Excerpts from President William J. Clinton's,
Between Hope and History: Meeting America's Challenges for the 21st Century

...A critical part of creating a better America is creating stronger communities where America's diversity is respected, even celebrated. This has been a constant challenge for America. It was a century ago when a huge wave of immigrants suffered subtle and not-so-subtle discrimination. Today, America is more diverse than ever. It is amazing to consider that while 197 nations were represented at the Atlanta Olympics, there are people of 150 different racial and ethnic groups in America's largest county! How can we accommodate all the diversity in America and preserve a strong national citizenship? We must begin with the essential proposition that Americans are not bound together by race, religion, or any other single distinguishing trait, but by common allegiance to the Declaration of Independence, the Constitution, and the Bill of Rights, and common embrace of both the privileges and the obligations of citizenship.

I took Latin in high school in Hot Springs, Arkansas, with a wonderful teacher, Mrs. Elizabeth Buck. And as much as I hated learning Latin declensions, it helped me later to understand something important about what America's motto, E Pluribus Unum, really means. The Latin in that phrase doesn't mean that we are one. It means that we are striving to become one; it's what Lincoln called our "unfinished work."

Our history is full of examples of how hard it has been to create communities that live up to the challenge of our motto. We have had class divisions. We have waged battles against ourselves and wars of conquest against others. We have had religious and ethnic conflicts. We have held prejudices against each wave of immigrants, even though "we" ourselves were often children of immigrants. And, of course, we have struggled with racial conflict from the beginning.

We continue to wrestle with some of these issues today. Racial tensions still divide us. Disagreements over religious expression, especially in school, still flare. And immigration once again is an issue of public debate.

When I was a kid growing up in segregated Arkansas, I rode the city bus to school. It cost a nickel. My friends and I liked to sit at the back of the bus. When the bus was crowded, it was pointed out to us that black folks were supposed to sit in the back of the bus. I didn't know any better. Discrimination doesn't come naturally; it has to be taught.

Martin Luther King, Jr., said that men hate each other because they fear each other. They fear each other because they don't know each other. They don't each other because they can't communicate with each other. They can't communicate with each other because they're separated from each other. The sad lesson of our experience is that sometimes we can be standing next to one another and still be separated, miles and miles away in our minds.

If we are going to build enduring communities, we have to close that distance. We have to continue to heal the racial divisions that still tear our nation. We cannot rest until there are no more hate crimes, until there is no more racial violence, and until we have moved beyond those far more subtle but still pervasive racial divisions that keep us from becoming strong communities pulling together as one nation under God. Until we do that, we will not have fulfilled the promise that is America.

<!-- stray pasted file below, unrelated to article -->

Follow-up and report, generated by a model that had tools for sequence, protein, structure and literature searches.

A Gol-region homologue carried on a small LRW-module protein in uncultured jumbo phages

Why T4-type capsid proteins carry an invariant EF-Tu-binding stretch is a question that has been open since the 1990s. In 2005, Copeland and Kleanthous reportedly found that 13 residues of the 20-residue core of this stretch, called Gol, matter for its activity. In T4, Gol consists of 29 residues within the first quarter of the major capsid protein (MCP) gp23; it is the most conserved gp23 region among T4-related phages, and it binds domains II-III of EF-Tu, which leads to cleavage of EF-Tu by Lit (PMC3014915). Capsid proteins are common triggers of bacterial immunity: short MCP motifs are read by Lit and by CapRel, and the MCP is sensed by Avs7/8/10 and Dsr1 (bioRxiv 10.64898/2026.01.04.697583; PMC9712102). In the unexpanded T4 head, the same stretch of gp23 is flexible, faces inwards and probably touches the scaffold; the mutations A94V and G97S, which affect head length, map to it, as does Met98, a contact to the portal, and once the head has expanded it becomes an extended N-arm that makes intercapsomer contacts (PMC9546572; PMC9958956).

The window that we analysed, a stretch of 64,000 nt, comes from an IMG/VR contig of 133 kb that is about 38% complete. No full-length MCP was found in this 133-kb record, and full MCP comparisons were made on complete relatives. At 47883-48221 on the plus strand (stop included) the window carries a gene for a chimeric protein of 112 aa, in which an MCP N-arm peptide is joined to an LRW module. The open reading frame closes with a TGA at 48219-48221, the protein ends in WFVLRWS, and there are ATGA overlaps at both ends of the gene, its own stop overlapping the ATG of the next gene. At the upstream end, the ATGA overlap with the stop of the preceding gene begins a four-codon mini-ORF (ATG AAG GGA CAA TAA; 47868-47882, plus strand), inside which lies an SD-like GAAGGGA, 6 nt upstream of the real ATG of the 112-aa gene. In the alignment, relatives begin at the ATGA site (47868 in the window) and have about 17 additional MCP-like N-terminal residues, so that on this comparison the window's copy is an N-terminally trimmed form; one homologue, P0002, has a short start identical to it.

We have to be honest about where we are in this struggle. The job of ending discrimination in this country is not over. In Hope, Arkansas, the streets in the black neighborhood near where my grandfather had his store were the only ones in town that weren't paved. The movie house was segregated. Thirty years ago it was rare to see women or people of color as police officers or firefighters or doctors or lawyers or college professors or even, believe it or not, sports figures.

The reason that's changing today isn't random historical drift. After all, the Supreme Court rejected the notion that we could ever be separate but equal and Democrats and Republicans alike passed laws against discrimination and created affirmative action programs to redress centuries of wrongs for minorities and women.

Affirmative action was intended to give everybody a fair chance, but it hasn't worked smoothly and fairly. Today there are those who are determined to put an end to affirmative action, as if the purposes for which it was created have been achieved. They have not. Until they are, we need to mend affirmative action, most certainly, but not end it.

That is exactly what we are trying to do: end abuses, prohibit quotas, subject affirmative action to strict review, oppose any benefits to those who aren't qualified, but make that extra effort to see that everyone has not a guarantee, but a chance.

We are all stronger when everyone has an opportunity to work and serve to the full extent of his or her ability. We can see that clearly in the remarkable record established in our military by minorities and by women who have been made eligible, since I became President, to serve in more than 250,000 new positions. And the public interest has certainly been advanced by the record number of minorities and women appointed to the Cabinet, other important Executive positions, and federal judgeships. We are all better off for their contributions.

We must realize that all Americans, whatever their racial or ethnic origin, share the same old-fashioned values, work hard, care for their families, pay their taxes, and obey the law. We must remember that all Americans are exposed to the problems of crime, drugs, domestic abuse, and teen pregnancy. And we all have a stake in solving these problems together. As Dr. King said, "We must learn to live together as brothers, or we will perish as fools."...

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